I watched the video footage of the elevator incident this evening and what I saw was this: the two of them entered the elevator. Ray Rice smacked her in the face. Angered, Janay approached him. Before she had a chance to even touch him, he PUNCHED her. She fell unconscious. He dragged her off the elevator.

      In no way do I blame this woman for what HE did to her.

      Why is she defending him and why is she still with him?

      To arrive at my conclusion I had to consider the following: The incident occurred before they were married. She didn't have to marry him. No one forced her to marry him. He didn't have to drag her to the minister or zap her with a cattle prod to get her to say, "I do!" She was not born brain-dead. Blaming her choice on her parents or some lack of self-esteem just doesn't cut it for me. Even if she had been abused growing up, even if she has no self-esteem whatsoever, human beings are born with a sense of self-preservation. She has chosen not to use that sense of self-preservation, and instead is lashing out at a public that is sickened by the bully she now calls husband.

      So, my view on this? Janay had been a victim, one that could have realized her "man" was a bullying tool and dumped his useless butt before they exchanged vows. But since she opted not to do this, I have no alternative but to think this is either one extremely stupid woman or her life ambition is to become the next Nicole Brown Simpson.

      1. deecoleworld profile image71
        deecoleworldposted 9 years agoin reply to this

        @bethperry: Remember the whole Chris Brown and Rihanna domestic violence situation when he beat her up. They both came from broken homes where their mothers were abused/beat up by their spouses/relationship partners. They grew up around this behavior and saw this as normal. Perhaps this is what the Rices grew up around. Bad/unhealthy upbringing and low-self esteem is a very legitimate reason for a women to stay in an unhealthy relationship. It doesn't make it right, and it isn't logical but its an legitimate reason.

        Besides she has a daughter with him, so I guess that can be another reason why she stayed with him.... plus maybe she doesn't see this as unhealthy behavior and unhealthy actions. Maybe her ideas of what's acceptable and healthy in a relationships differs from yours and mine. You may not want to believe this but they are both at fault. She isn't a poor defenseless victim, and he isn't a complete monster the media and people make him out to be.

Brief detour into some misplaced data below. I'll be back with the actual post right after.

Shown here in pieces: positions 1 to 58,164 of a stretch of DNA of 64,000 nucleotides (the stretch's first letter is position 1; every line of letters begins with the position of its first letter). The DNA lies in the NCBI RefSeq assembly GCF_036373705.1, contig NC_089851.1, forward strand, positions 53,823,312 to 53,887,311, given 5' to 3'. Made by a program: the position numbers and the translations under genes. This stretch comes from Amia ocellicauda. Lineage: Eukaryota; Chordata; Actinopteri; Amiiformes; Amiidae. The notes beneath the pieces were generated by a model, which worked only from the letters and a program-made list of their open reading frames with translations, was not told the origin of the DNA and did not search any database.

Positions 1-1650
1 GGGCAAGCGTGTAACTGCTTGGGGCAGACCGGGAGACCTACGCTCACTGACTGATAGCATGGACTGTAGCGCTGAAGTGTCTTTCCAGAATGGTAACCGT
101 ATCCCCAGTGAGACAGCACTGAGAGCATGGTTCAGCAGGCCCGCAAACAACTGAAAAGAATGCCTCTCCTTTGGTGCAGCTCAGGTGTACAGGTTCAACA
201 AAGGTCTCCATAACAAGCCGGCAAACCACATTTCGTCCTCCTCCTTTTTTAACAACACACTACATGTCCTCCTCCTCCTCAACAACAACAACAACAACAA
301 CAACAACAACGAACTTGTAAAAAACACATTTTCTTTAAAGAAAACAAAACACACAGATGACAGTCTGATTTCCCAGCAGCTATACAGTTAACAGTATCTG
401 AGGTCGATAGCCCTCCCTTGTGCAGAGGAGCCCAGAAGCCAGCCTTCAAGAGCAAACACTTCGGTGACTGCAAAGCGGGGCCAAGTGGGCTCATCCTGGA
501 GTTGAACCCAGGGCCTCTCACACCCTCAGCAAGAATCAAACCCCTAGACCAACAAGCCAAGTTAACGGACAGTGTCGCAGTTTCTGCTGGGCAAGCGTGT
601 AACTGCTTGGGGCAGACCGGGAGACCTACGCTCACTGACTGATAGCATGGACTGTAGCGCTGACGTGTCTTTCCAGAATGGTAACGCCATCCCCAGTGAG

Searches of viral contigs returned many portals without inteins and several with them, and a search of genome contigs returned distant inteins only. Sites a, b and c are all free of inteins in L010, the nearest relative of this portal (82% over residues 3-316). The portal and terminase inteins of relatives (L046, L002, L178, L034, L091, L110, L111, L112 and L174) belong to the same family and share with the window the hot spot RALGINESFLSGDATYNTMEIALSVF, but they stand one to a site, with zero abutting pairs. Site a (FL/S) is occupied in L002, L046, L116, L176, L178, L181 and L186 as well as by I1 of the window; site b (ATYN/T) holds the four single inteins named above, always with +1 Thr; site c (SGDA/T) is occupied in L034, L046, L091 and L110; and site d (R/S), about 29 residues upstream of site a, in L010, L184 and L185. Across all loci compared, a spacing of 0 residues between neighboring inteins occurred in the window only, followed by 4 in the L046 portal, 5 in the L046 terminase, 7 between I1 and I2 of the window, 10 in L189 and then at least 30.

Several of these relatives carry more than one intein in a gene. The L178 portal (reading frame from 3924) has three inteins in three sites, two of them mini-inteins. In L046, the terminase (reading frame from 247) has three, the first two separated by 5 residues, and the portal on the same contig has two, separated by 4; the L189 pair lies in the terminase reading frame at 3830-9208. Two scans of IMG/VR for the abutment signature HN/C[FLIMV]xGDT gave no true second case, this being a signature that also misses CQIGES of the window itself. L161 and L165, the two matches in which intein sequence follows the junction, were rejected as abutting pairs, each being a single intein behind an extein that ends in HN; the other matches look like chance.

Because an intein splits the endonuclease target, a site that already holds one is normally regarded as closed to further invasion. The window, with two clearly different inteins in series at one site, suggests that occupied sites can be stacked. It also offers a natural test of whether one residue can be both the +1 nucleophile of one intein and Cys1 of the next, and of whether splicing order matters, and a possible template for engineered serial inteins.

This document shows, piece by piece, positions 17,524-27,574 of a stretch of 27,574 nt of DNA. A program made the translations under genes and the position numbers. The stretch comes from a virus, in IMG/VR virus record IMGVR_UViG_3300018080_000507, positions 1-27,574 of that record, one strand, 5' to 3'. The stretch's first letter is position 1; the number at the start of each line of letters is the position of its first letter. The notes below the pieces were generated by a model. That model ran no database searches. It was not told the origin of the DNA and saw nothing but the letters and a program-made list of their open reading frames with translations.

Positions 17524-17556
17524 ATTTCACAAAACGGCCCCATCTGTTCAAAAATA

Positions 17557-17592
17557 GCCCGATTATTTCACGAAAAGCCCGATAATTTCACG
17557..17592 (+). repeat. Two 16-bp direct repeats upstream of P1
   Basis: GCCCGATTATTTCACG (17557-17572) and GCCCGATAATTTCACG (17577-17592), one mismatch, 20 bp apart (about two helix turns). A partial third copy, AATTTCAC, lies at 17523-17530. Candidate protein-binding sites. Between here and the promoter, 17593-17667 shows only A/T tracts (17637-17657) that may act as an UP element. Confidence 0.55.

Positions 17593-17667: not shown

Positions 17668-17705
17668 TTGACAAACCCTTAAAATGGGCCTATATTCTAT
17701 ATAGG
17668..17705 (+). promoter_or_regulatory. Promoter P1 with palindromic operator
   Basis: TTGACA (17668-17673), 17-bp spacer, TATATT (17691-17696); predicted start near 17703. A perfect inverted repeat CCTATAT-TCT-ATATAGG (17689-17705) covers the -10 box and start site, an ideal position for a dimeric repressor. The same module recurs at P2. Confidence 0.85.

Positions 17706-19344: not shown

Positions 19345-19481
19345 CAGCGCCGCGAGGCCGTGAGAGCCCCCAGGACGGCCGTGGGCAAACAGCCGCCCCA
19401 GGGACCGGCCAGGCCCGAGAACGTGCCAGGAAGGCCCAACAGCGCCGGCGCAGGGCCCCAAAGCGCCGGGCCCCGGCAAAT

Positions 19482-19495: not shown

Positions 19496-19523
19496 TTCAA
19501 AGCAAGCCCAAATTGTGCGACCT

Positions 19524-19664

Clearly self- preservation isn't as important to her. Maybe she didn't see it as seriously as the media and public . Maybe she didn't think she was in direct and serious danger. Maybe she has high tolerance for this kind of behavior. By the way I think its disrespectful to put her in the same category as domestic violence victims.

        Also instead of calling or suggesting that she's stupid, maybe you can look at an alternative point of view. Everyone is different with different values and point of views. This is very complex situation and we don't know the full story!

        I would end with this quote, “A strong man cannot help a weaker unless the weaker is willing to be helped, and even then the weak man must become strong of himself; he must, by his own efforts, develop the strength which he admires in another. None but himself can alter his condition.” ― James Allen, As a Man Thinketh

  2. jjackson786 profile image83
    jjackson786posted 9 years ago

    To be honest, I don't believe that we're getting the whole picture here. I am more than a little perturbed by her behavior even before the pair of them got on the elevator. She slapped him in the face as she was walking by him, which started the physical confrontation. In my honest opinion, I believe that this was a normal interaction for them that was taken to the extreme by Ray Rice. I am not implying that this type of behavior is "normal" in mainstream society; however, some couples do have more volatile and dysfunctional relationships than others. I also do not perceive her to be a victim; in fact, her decision to publicly defend his actions suggests to me that this was routine and they're both ashamed that there just happened to be a camera in there, watching them. This would be a perfect opportunity for her to distance herself from him, should she be in fear for her life. Again, just my opinion, but all of my years studying the psychology of family and relationships tells me that something isn't right here, and that she isn't as thrilled to be playing the victim as we are to be making her one.

    1. dashingscorpio profile image83
      dashingscorpioposted 9 years agoin reply to this

      I'm glad I'm not the only one who noticed (she slapped him) BEFORE this whole thing escalated.

      The media seems to ignore that part!

      Two wrongs don't make a right but neither does (one) wrong! We're quick to say; "A man should never hit a woman." but I think we should also be saying; "A woman should never hit a man either!"

      Where I grew up not many men will stand around and let a woman slap them in the face. In fact it was my mother who taught us;
      "If someone hits you, hit them back." She didn't use an asterisk or make any exceptions based upon gender either.

      If someone hits you its instinctive to want to retaliate. Clearly she was not afraid to charge him in the elevator. It doesn't justify him knocking her out. However anger and adrenaline are a bad combination.

      Thank God he was not some old white guy with a gun in Florida.
      He could have claimed he was scared for his life and used the "Stand Your Ground" defense.